This year I’ve taught more Greek than ever before, and more in ways that reflect my own pedagogical commitments. And so here’s some reflections on teaching Greek and Latin from my experience with The Patrologist courses, aka SeumasU
I decided to whole-heartedly adopt Athenaze as a text this year and use it as a basis for most of my intro Greek classes. This allowed me the freedom, ironically, to lean into the text. Previously I’d tried teaching from the Italian version alone, but the difficulty in getting hold of that text makes it somewhat prohibitive for learners.
The more time I spend with Athenaze, the more I grow to both like it, and be sorely aware of its faults. In my view, it’s still the best, currently available, continuous narrative text for learners. That’s my main reason for using it. I typically ignore all the grammar sections and let my students read them if they wish; my video course has grammar videos that go over those points too. But in class, we read the text, and as far as possible, use in-Greek question and answer to go over it, clarify meaning, etc., so that the text itself is understood. Comprehension is my main focus, and the text is both the means and a certain end, because it’s a good story for the most part.
It’s also far more text than you get anywhere else, except for maybe JACT’s Reading Greek. Which brings me to Athenaze’s great fault – too much vocab, too steep a slope. Because, under the hood, Athenaze is still a grammar-translation driven textbook. It still very much expects you to be translating the readings, memorising paradigms, and rendering things into English. So every chapter has too many new words, and too much new information.
That is, however, why I don’t instead use Reading Greek, because it’s actually worse at that. Much more grammar-as-a-hammer, pages of glossed vocabulary, and an even steeper difficulty curve.
All this has given me 3 main takeaways:
- We need lots and lots more easy to read Greek aimed at learners. Novellas, novelliolas. Stand alone narratives. Connected narratives. Interconnected narratives.
- The most useful thing for students to do on their own time, generally speaking, is to read things they can understand, including text they have already read. Corollary: the most useful thing they can do with my time is in-Greek communicative discussion, and making-comprehensible things they can’t do themselves
- The more I can get away from the textbook, any textbook, to comprehensible Greek activities, while also ensuring that learners continue to develop reading skills, the better.
I mostly teach Latin from LLSPI, with a combination of some visual resources, and in-Latin discussion and paraphrase, and personalisation of q&a. This is one area where it’s clear just how good Ørberg’s LLPSI really is. The more I work with it, the more I see how carefully it has been constructed, and the progress I have seen with students in understanding Latin as Latin, as well as producing Latin output, has been tremendously encouraging.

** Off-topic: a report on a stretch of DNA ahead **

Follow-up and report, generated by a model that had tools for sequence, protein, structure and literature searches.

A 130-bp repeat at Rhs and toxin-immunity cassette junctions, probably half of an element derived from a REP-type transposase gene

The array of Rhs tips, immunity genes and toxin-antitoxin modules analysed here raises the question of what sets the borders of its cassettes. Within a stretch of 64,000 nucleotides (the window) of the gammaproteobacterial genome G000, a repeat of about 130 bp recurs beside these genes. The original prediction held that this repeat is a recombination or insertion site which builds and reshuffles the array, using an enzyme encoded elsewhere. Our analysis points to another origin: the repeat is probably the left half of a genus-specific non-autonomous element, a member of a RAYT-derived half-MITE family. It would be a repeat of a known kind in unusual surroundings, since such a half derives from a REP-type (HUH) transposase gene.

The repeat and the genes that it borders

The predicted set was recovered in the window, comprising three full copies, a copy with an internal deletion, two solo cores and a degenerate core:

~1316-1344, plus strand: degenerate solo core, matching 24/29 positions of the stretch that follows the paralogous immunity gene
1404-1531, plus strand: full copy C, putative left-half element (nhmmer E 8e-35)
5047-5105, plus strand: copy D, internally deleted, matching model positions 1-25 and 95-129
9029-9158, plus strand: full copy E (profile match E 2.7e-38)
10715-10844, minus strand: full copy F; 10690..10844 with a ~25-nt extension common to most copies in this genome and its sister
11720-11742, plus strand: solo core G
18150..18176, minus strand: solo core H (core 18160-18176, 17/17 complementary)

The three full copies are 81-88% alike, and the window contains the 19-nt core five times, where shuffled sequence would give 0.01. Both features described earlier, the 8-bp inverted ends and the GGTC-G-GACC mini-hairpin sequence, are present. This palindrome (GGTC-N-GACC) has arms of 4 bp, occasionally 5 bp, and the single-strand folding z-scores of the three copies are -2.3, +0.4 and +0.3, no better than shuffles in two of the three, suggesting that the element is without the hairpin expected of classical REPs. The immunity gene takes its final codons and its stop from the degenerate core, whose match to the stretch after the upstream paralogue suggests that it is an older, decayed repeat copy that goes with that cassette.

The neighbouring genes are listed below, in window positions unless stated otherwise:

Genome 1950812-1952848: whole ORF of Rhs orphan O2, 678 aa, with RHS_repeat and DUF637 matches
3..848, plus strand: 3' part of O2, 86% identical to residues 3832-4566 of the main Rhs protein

Post-Beginner Conversational Classes
These were a bit of an experiment for me this year. I knew I wanted to run some classes that were, “okay, you learnt Latin/Greek, but you’ve never spoken it, so how do you start doing that”. And I also knew that I wanted to incorporate some of the standard gambit of CI type techniques – things like Picture Talk, Movie Talk, Storyasking/TPRS, as well as giving students a vocabulary to talk about things that they wouldn’t necessarily have ever encountered (e.g. modern things, grammar itself, daily activities).
I do think these courses could become a bit more structured from my end of them. That’s a little hard for me because I really do enjoy flying improv with just enough preparation to not fall entirely flat on my face. But that’s something I’ll be thinking about – clearer structure and progression in these kinds of classes.
Post-Beginner Reading Classes
Teaching μὲν beginners is super fun and super helpful for me. It’s like building and thickening and strengthening my own foundation as a speaker and developing my skills as a teacher.
Post-beginners δὲ are a different source of teaching joy. This year I taught a Greek patristics reading group for a term, and a 4-term sequence of theological Latin through the ages (right up to and including the Reformation era). It’s incredibly interesting to read texts and discuss them with students in their language. This is something I’m excited to develop further next year and beyond, with offerings in Biblical, Classical, and Post-Classical texts in both languages.
My last ‘type’ of course has been running table-top RPGs in Latin. I ran two groups this year, and both were a great deal of fun. They came about because (a) I really love RPGs, (b) I had a great time playing D&D at the Australianae Rusticationes, (c) I think they have a huge potential at all levels for language acquisition. I’ll have a bit more to say about these in an upcoming paper at ASCS42, which I will also release at that time. There will definitely be more Latin RPGing coming up in 2021, and maybe Greek?
All in all, it’s been a big year of teaching for me, and I’ve loved 95% of it. Teaching teaches me a lot, and it keeps me committed to learning as well – I am always working on my own Latin and Greek behind the scenes, as well as self-professional-development as a teacher. Looking forward to a veritable smorgasbord of ancient language teaching in 2021.